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Inaccurate roadside drug tests have led to wrongful arrests

On Behalf of | Mar 18, 2024 | criminal defense, drug crimes |

About 1.5 million people are arrested on drug charges every year, and approximately 773,000 of them are taken into custody after a drug field test identified a substance in their possession as a controlled substance. Field drug testing kits are used by Maryland law enforcement agencies because they are easy to use and inexpensive. They are also highly unreliable. According to a report released by the University of Pennsylvania in January 2024, about 30,000 people are wrongfully arrested each year because field drug tests identify benign substances as illegal drugs.

Drug field tests

The field drug tests used by police contain plastic bags filled with chemicals. When a controlled substance is placed in the bags, the chemicals change color. They are considered unreliable because dozens of benign and quite legal substances trigger the same chemical reaction. Researchers from the University of Pennsylvania’s Quattrone Center for the Fair Administration of Justice found cases where people were arrested because field tests identified donut glaze, cotton candy, sand and bird droppings as controlled substances.

No better than a coin flip

The controversy surrounding field drug test kits has prompted law enforcement agencies in some parts of the country to stop using them. In September 2023, the Jacksonville Sheriff’s Office stopped using the kits after discovering that they identified several over-the-counter cold remedies as cocaine. In 2021, a judge in Massachusetts ordered prison authorities to stop using the kits after determining that they were of little more value than a coin flip. When people are charged with drug offenses because of the results of field drug tests, they often plead guilty even when the substances tested are legal. Between 2004 and 2015, 212 people pleaded guilty to drug possession in Houston based on field drug tests that were later invalidated.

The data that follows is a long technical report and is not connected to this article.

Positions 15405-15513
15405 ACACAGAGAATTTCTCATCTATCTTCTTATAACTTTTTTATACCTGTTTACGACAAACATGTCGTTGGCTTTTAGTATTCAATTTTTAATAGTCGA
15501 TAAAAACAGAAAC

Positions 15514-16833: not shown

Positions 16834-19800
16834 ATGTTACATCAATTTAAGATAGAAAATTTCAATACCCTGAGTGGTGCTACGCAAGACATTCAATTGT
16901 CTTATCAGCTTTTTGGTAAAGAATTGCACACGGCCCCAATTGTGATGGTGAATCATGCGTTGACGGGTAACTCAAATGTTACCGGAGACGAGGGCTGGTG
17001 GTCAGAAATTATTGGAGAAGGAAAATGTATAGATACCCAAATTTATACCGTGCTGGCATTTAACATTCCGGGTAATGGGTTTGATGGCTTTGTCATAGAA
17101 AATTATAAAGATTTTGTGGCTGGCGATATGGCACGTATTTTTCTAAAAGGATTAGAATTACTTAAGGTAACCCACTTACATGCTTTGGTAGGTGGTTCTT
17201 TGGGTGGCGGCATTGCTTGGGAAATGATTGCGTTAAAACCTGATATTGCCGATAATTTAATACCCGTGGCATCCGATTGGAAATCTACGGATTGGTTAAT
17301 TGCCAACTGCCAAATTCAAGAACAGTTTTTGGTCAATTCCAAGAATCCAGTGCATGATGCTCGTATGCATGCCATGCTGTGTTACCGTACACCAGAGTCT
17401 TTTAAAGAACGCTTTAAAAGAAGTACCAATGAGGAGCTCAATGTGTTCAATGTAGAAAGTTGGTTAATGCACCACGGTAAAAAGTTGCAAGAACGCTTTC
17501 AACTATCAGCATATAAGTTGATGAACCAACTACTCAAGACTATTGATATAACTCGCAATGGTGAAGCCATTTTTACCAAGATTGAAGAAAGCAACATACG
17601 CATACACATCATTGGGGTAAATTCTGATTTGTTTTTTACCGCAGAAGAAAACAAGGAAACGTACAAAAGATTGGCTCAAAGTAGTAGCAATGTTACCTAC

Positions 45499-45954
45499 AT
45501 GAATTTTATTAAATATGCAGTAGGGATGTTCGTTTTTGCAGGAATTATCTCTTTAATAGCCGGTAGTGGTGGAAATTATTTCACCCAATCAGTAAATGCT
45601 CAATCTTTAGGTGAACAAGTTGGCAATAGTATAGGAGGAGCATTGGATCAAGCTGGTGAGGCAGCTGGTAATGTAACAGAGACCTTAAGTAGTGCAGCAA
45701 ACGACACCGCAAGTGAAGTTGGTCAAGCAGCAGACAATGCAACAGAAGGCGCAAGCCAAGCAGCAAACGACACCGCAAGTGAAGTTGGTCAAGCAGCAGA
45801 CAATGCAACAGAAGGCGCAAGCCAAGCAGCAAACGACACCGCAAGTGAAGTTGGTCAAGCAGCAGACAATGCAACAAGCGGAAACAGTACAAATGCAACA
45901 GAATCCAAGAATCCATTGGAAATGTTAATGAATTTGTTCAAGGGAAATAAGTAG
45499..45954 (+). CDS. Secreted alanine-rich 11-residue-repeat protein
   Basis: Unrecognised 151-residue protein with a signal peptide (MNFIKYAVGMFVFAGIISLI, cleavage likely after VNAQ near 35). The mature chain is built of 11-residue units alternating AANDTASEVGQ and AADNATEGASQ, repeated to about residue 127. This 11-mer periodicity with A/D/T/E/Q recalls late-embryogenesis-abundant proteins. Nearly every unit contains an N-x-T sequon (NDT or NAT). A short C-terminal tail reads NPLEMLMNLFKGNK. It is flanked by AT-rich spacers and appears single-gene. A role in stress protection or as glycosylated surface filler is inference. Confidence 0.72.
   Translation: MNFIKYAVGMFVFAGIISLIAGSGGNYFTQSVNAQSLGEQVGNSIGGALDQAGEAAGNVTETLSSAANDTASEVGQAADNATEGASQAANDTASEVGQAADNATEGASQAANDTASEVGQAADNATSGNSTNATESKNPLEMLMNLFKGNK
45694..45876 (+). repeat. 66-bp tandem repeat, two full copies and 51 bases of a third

Inexpensive and unreliable

Field drug tests are used by police officers around the country because they are simple and inexpensive. They are also unreliable because the chemicals they contain react to dozens of benign substances as well as illegal drugs.



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